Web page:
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Touring Wisconsin Food

100 Wisconsin Food Facts

100 Wisconsin Food FactsI have put together 100 Wisconsin food facts, which is certainly the most epic blog post ever to be published on Edible Antics and maybe the most epic food blog post to be published on a Wisconsin food blog ever. All of these facts are accurate to the best of my knowledge and my sources are listed at the bottom of the post. If you believe any of the facts are inaccurate, or you would like to add your own Wisconsin food facts, please leave comments, I’d love to hear from you.




Dairy Facts


  1. Wisconsin is the number one cheese producing state in the country.
  2. A survey asked respondents what gift they would most like to receive and cheese was the winner with 19%. Candy came in at only 13%.
  3. All Wisconsin cheesemakers must receive a certification which is earned through taking classes and serving as an apprentice.
  4. Freezing cheese can change its texture, so thawed cheese works best in cooked dishes.
  5. Cheese absorbs flavors so keep it away from strong smelling foods (onions and garlic, for example). Storing cheese in its own drawer is the best.
  6. Cheese curds are a fresh cheese–most commonly of the Cheddar variety–in its natural, random shape and form before being processed into blocks and aged. Curds have a mild taste with a slightly rubbery texture and should squeak when eaten. Find out more on my blog post What is a Cheese Curd?
  7. Cheese curds usually come in the cheddar variety, but Decatur Dairy makes a unique Muenster cheese curd.
  8. A longhorn is a cylinder of cheese that is 6-inches in diameter and 13-inches long, and is usually of the Colby or Colby Jack varieties.
  9. Before airtight shrink bags were invented, cheesemakers would wrap cheese in a cheesecloth then dip it in wax to preserve the cheese.
  10. Sometimes wax denotes the age of the cheese. With Cheddar for example, red wax indicates a medium cheddar and black wax indicates sharp cheddar. Wax is also sometimes used to make fun cheese shapes, like the State of Wisconsin or a cow.
  11. Mozzarella is the top selling cheese variety in the United States, followed by cheddar.
  12. The average American eats 33 pounds of cheese a year which adds up to a ton of cheese over the course of a lifetime.
  13. Why does Wisconsin cheese taste so good? It’s in the grass. Wisconsin’s grass is less acidic than grass in other states, which gives the cheese a milder flavor.
  14. The Cook Family (Carr Valley Cheese) has been making cheese in Wisconsin for over 100 years.
  15. Master Cheesemaker Sid Cook of Carr Valley received his cheesemaking license at the mild age of 16.
  16. Sid says that during a busy day of cheesemaking, he would put a chocolate bar on his Swiss cheese sandwich. This busy day sandwich inspired his Cocoa Cardona cheese creation.
  17. Sid decided to create Cranberry Chipotle Cheddar after a woman in a grocery store suggested the flavor combination.
  18. Cedar Grove was the first cheese producer to pledge that all products would be free of Bovine Growth Hormone.
  19. Cheesemaking at Cedar Grove begins at 11pm, and the process isn’t finished until 9pm the next night.
  20. Gouda from Holland’s Family Cheese is aged for up to 60 days in a cellar with wooden shelves that came from Holland.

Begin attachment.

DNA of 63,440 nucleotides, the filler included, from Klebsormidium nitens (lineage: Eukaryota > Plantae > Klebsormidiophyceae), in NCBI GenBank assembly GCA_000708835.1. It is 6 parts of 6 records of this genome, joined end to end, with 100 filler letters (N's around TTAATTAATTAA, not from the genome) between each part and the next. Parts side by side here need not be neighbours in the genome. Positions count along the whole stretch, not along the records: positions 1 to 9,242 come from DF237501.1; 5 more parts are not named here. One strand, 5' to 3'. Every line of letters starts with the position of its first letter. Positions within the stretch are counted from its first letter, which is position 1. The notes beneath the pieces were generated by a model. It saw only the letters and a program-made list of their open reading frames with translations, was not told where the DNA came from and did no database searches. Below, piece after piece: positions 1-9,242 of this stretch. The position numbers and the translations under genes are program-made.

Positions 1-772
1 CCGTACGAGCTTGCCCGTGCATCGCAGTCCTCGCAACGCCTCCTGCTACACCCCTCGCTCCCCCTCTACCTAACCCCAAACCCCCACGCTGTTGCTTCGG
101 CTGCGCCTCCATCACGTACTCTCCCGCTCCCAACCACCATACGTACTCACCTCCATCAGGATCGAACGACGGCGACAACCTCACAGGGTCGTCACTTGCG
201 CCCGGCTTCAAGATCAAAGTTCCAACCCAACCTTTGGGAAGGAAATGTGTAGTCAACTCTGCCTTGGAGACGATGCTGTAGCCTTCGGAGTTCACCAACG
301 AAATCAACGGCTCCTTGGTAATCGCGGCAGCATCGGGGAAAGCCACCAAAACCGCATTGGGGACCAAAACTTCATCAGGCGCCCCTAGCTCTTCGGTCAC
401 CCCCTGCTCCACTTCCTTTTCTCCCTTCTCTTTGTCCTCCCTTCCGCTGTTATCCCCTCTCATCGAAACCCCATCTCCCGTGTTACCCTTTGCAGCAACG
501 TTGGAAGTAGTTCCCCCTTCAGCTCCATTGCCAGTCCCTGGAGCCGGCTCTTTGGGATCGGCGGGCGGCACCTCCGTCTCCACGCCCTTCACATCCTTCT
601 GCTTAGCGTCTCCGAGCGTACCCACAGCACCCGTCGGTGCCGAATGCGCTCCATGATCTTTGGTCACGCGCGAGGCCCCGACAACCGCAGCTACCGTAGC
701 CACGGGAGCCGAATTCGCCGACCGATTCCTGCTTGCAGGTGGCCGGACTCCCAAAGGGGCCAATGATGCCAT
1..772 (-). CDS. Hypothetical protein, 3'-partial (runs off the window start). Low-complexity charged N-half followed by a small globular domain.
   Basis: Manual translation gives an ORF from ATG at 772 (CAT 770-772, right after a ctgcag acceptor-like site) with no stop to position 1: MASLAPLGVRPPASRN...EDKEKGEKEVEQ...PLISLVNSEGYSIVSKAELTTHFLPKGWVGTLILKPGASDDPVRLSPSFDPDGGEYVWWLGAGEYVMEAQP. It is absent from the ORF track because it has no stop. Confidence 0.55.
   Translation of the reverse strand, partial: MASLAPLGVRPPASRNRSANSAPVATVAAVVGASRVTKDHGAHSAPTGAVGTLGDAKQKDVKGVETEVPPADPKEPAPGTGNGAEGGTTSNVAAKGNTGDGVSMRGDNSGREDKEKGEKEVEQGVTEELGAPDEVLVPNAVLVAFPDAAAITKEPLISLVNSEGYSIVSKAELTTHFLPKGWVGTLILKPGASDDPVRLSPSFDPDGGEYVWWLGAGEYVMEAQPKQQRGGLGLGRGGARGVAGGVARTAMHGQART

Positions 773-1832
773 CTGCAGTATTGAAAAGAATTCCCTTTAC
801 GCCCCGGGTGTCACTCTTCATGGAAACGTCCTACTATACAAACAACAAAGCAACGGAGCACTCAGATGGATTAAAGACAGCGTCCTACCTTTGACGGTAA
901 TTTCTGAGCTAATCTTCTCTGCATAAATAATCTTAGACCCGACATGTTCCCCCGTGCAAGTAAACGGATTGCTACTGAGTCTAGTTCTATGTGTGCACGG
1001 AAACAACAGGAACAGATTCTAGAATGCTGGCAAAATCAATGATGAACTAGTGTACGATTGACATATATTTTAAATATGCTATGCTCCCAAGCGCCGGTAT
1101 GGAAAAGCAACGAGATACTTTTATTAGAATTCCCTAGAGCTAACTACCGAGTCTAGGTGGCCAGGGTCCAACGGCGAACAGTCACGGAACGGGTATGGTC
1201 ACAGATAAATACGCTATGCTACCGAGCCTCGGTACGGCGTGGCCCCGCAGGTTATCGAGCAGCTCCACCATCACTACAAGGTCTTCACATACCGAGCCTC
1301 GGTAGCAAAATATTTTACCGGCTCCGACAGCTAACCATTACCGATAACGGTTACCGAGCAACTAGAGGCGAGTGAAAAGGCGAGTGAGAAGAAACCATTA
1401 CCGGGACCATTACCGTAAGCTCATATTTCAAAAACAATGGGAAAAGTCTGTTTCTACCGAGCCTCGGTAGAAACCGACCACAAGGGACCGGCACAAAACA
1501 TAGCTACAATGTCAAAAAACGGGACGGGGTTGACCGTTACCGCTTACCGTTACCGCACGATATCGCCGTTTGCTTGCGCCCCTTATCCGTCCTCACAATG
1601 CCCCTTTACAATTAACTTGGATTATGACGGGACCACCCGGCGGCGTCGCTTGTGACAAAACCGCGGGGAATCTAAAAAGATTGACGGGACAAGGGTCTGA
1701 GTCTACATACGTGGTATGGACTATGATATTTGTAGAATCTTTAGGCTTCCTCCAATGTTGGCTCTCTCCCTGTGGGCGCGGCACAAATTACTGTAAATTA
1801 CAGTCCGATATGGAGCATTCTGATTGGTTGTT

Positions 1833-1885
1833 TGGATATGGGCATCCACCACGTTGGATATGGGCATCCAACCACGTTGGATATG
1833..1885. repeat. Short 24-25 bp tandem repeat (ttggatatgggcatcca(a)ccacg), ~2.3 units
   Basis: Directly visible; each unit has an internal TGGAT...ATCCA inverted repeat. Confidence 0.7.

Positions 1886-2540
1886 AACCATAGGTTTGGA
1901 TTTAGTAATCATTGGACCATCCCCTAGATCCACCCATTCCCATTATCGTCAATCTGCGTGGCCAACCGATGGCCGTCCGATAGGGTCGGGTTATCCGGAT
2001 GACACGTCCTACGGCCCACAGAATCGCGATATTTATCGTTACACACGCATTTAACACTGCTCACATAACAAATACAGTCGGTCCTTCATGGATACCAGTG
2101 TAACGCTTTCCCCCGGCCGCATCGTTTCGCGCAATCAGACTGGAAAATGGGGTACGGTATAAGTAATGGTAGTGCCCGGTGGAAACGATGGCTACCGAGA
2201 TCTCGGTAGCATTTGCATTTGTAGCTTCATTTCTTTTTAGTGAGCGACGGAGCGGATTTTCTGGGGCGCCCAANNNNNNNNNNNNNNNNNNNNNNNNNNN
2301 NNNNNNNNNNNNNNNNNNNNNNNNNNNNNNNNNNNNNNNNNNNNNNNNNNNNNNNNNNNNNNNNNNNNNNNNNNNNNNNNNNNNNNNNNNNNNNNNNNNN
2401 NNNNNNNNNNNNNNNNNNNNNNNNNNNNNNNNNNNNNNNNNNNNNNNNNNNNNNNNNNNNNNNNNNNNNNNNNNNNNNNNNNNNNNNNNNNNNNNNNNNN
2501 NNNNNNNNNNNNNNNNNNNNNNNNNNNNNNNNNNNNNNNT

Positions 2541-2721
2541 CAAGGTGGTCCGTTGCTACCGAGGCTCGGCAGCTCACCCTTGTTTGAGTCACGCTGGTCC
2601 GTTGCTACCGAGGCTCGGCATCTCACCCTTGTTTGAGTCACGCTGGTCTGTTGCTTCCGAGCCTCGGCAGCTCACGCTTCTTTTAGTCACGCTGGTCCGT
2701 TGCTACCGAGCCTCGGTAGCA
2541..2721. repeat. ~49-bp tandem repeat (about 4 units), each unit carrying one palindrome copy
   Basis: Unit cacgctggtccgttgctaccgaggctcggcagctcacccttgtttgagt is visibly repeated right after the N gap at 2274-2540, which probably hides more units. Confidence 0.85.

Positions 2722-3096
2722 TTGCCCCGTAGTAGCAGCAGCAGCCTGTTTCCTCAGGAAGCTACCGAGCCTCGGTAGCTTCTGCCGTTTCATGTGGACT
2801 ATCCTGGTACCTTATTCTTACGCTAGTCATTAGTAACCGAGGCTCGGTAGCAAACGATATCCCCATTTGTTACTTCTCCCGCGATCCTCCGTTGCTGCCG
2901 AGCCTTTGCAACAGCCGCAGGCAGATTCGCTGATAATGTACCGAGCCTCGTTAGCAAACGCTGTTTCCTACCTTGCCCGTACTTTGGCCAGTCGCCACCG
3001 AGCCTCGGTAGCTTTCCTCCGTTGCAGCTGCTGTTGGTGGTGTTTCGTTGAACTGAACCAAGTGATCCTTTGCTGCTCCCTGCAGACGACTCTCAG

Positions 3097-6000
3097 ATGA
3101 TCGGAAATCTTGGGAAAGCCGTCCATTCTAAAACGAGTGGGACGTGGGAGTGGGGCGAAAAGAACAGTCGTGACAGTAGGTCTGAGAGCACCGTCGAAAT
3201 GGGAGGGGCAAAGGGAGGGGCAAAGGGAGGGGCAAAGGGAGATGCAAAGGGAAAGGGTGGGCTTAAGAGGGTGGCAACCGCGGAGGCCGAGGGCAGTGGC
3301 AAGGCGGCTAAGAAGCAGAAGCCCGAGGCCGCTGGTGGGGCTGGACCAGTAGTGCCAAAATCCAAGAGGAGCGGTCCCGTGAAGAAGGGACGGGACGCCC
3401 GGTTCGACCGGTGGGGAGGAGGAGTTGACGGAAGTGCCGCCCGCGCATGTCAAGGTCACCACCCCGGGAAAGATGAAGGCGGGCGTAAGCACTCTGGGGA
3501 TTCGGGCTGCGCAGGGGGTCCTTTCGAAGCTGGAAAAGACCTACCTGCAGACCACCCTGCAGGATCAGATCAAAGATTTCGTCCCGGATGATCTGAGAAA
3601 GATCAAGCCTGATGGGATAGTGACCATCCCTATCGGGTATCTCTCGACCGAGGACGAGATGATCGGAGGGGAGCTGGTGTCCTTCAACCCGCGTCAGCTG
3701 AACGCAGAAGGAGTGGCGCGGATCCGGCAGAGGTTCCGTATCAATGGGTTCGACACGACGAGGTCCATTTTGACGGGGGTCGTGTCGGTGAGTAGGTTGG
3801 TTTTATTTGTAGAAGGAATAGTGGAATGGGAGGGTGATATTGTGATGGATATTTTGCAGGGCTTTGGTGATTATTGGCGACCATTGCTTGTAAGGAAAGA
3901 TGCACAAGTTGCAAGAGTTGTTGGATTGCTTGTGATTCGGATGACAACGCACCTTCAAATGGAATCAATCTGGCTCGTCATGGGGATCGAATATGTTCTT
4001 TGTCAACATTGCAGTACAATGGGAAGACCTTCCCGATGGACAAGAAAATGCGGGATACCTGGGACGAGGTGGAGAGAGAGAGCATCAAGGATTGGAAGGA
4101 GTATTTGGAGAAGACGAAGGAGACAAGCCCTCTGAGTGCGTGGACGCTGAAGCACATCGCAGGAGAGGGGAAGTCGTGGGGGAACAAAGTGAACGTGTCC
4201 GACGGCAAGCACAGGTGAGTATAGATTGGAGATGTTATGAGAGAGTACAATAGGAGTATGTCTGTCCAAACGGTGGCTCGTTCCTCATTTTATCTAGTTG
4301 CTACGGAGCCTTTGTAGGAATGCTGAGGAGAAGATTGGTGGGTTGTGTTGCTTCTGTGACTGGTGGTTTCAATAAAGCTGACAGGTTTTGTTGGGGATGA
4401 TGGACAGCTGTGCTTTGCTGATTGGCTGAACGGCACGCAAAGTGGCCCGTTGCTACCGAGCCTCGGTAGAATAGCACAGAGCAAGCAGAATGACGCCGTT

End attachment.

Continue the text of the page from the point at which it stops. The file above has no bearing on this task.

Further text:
21. The dairy cows that produce the milk for Holland’s Family Cheese are pampered! They sleep on soft bedding and are cooled with fans in the summer.
  22. In 1991 Felix and Ulrich Roth and Fermo Jaeckle came to Wisconsin from Switzerland to start Roth Kase USA and since then have won over 100 awards.
  23. President Mike Brennenstuhl of Ader Kasehas over 32 years of cheesemaking experience and specializes in blue cheese.
  24. The word “kase” is German for cheese.
  25. At Zimmerman Cheese, they process over 40,000 pounds of cheese per day.
  26. The Mt. Sterling Co-Op has been making goat cheese since 1976.
  27. Tim Gile is a third generation cheesemaker at Gile Cheese and has won over 200 awards.
  28. Pasture Pride uses milk from cows provided by Amish Farmers and specializes in a baked cheese called Juusto.
  29. The Babcock Hall Dairy Store was built in 1951.
  30. Babcock Hall at the University of Wisconsin was named after Stephen Babcock. In 1890, Babcock developed a milkfat test that is still used today. The tests determines which cows produce the richest milk that is best for cheese making.
  31. 1890 was also the year that the University of Wisconsin-Madison opened the nation’s first Dairy Science Department, and it is still the country’s top dairy school to this day.
  32. Today Wisconsin has approximately 12,000 dairy farms.
  33. Wisconsin was officially named “America’s Dairyland” in 1930.
  34. More than 99% of Wisconsin’s dairy farms are family owned.
  35. Wisconsin has an estimated 1.26 million cows.
  36. Studies show that chocolate milk helps muscles recover quickly after physical activity.
  37. About 90% of the milk produced in Wisconsin is used to make cheese.
  38. Wisconsin cheesemakers make 2.6 billion pounds of cheese each year.
  39. More than 25% of all the cheese in the USA is made in Wisconsin.
  40. It takes about 10 pounds of milk to create one pound of cheese.
  41. Wisconsin is the only state with a Master Cheesemaker program. The program is modeled after the rigorous Master Cheesemaker program in Europe.
  42. There are 44 Master Cheesemakers in Wisconsin.
  43. It takes three years to complete the Master Cheesemaker program.
  44. Over 600 varieties of cheese are made in Wisconsin, more than any other state. The runner-up only has 250 varieties.
  45. Wisconsin produces more cheddar cheese than any other state and also produces the most Limburger, Muenster, Parmesan, Provolone and Romano.
  46. Anne Picket was the first home cheesemaker in Wisconsin in 1841.
  47. Colby cheese is named after the Wisconsin town where it was created, Colby, Wisconsin.
  48. Brick cheese is another Wisconsin original, it was invented in Dodge County, Wisconsin.
  49. A cheese a day keeps the dentist away! Cheese can help prevent tooth decay.
  50. Harmony Specialty Dairy Foods creates British-style cheese in Wisconsin.
  51. Golden Age Cheese is a single farm cheese which means the milk for the cheese comes from only one dairy.
  52. Polk County, Wisconsin uses recycled cheese brine instead of salt to de-ice the roads.
  53. The state beverage isn’t beer, it’s milk!Meat Facts
  54. In 2012 the first class of Master Meat Crafters graduated from the University of Wisconsin. One of the graduates was Jeff Roberts of Glenn’s Market.
  55. The Roberts family has been making gourmet bratwurst at Glenn’s Market for 28 years.
  56. Landjager is a popular semi-dried Wisconsin sausage that is mildly seasoned and heavily smoked. Landjager is made of beef or pork and makes a great snack for camping and hiking because it doesn’t require refrigeration. The sausages are about the size of a hot dog but have a square shape from being pressed flat.